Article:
LSD FINAL

LSD FINAL - Williams|1 Patrick Williams WRD 104 Robert...

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W i l l i a m s | 1 Patrick Williams WRD 104 Robert Puccinelli Research Paper Final Draft Psychedelic Drugs: Why and Why Not The world we live in today is filled with an ever increasing number of sicknesses, diseases, and ailments. As the list of medical illnesses rises, so do the number of treatments for these conditions. There are numerous forms and styles of treatments for any number of diseases. New age, alternative, unconventional, and experimental treatments are being explored more and more every day. It can be generally agreed upon that if a medicine is successful in the treatment of an illness, it should be used to treat that illness. However, some substances are illegal regardless of their healing capabilities. Substances that fall under the category of “therapeutic, but illegal” are marijuana, psilocybin, and lysergic acid diethylamide (LSD). It may be hard to believe that substances such as these, carriers of harsh social stigmas, have any use in the world of medicine at all. The harder thing to believe is that these drugs have successfully treated some of the most physically and mentally debilitating illnesses in the world today – many with no known cure. Alcoholism, cancer, post-traumatic stress disorder, AIDS, and even drug addiction itself have been treated with the aforementioned substances. If successful treatment has been achieved using these drugs, the question remains: why are these substances illegal, and why aren’t their potential healing powers being explored to the fullest? Psychoactive, psychopharmaceutical, and psychotropic drugs should be used in the treatment of certain ailments and diseases. This essay will explore the origins and effects, possible medical uses of, and reasons for the illegalization of psychotropic drugs. In the United States psychedelic drugs such as marijuana, LSD, and psilocybin mushrooms are condemned as illegal, Schedule I controlled substances. Schedule I is the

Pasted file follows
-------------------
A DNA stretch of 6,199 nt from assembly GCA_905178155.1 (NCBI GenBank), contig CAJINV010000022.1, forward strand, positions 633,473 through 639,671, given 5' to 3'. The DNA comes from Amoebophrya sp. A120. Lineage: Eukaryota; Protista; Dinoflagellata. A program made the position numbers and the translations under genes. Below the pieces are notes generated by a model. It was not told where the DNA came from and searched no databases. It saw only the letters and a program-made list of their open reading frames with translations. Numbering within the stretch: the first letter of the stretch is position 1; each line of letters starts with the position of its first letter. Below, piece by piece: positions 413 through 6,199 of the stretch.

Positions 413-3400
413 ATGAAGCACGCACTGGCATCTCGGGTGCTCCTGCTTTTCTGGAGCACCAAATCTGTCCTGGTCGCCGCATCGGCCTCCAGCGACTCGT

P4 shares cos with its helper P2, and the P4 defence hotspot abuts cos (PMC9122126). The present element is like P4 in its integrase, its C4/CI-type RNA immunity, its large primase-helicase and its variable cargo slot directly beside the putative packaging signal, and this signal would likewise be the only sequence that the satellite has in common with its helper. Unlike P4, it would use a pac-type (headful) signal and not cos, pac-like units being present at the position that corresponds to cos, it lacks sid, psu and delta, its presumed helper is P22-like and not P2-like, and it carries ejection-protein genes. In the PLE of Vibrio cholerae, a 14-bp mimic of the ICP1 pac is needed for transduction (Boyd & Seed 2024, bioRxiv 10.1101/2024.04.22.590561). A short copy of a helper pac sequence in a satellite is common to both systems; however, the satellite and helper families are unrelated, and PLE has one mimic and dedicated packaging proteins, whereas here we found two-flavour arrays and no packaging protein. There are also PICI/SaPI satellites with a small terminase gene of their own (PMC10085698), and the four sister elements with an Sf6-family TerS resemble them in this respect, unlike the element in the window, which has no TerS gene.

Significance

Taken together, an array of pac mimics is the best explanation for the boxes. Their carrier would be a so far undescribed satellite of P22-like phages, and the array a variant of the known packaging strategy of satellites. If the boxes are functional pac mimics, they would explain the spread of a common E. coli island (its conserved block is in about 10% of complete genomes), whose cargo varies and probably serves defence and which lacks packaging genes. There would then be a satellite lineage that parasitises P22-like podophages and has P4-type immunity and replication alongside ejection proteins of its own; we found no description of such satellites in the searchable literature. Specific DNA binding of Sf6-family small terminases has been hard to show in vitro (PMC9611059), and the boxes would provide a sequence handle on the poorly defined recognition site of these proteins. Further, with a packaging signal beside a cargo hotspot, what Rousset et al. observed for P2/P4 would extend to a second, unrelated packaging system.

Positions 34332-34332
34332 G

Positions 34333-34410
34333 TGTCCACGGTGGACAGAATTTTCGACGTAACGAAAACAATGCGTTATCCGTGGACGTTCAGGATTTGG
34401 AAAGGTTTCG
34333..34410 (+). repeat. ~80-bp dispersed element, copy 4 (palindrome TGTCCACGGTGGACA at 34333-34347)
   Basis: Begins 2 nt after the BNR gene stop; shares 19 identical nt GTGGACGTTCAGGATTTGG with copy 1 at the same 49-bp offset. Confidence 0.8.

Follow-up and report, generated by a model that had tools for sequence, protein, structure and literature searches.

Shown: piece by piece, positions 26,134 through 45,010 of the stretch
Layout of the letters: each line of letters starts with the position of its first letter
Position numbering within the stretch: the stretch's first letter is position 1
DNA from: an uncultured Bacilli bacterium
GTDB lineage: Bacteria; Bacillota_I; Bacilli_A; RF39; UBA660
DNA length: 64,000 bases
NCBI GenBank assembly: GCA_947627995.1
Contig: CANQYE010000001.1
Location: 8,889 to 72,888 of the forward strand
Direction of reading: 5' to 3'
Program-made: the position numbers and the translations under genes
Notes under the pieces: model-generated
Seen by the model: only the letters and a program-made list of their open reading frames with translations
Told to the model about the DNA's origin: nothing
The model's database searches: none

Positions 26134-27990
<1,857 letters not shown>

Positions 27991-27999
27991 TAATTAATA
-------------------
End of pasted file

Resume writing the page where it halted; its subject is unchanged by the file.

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W i l l i a m s | 2 government’s most restrictive category, and all drugs categorized as Schedule I controlled substances must meet the following requirements (Carroll 141): 1. The drug or other substance has a high potential for abuse. 2. The drug or other substance has no currently accepted medical use in treatment in the United States. 3. There is a lack of accepted safety for use of the drug or other substance under medical supervision. (“DEA” 812) Immediately, the legitimacy of the first requirement of a Schedule I controlled substance can be thrown out the window because any drug or other substance has a high potential for abuse. Examples of legal substances meeting this requirement include tobacco, alcohol, and caffeine. The debate that specific psychotropic drugs meet the additional two requirements remains to be argued.
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LSD FINAL - Williams|1 Patrick Williams WRD 104 Robert...

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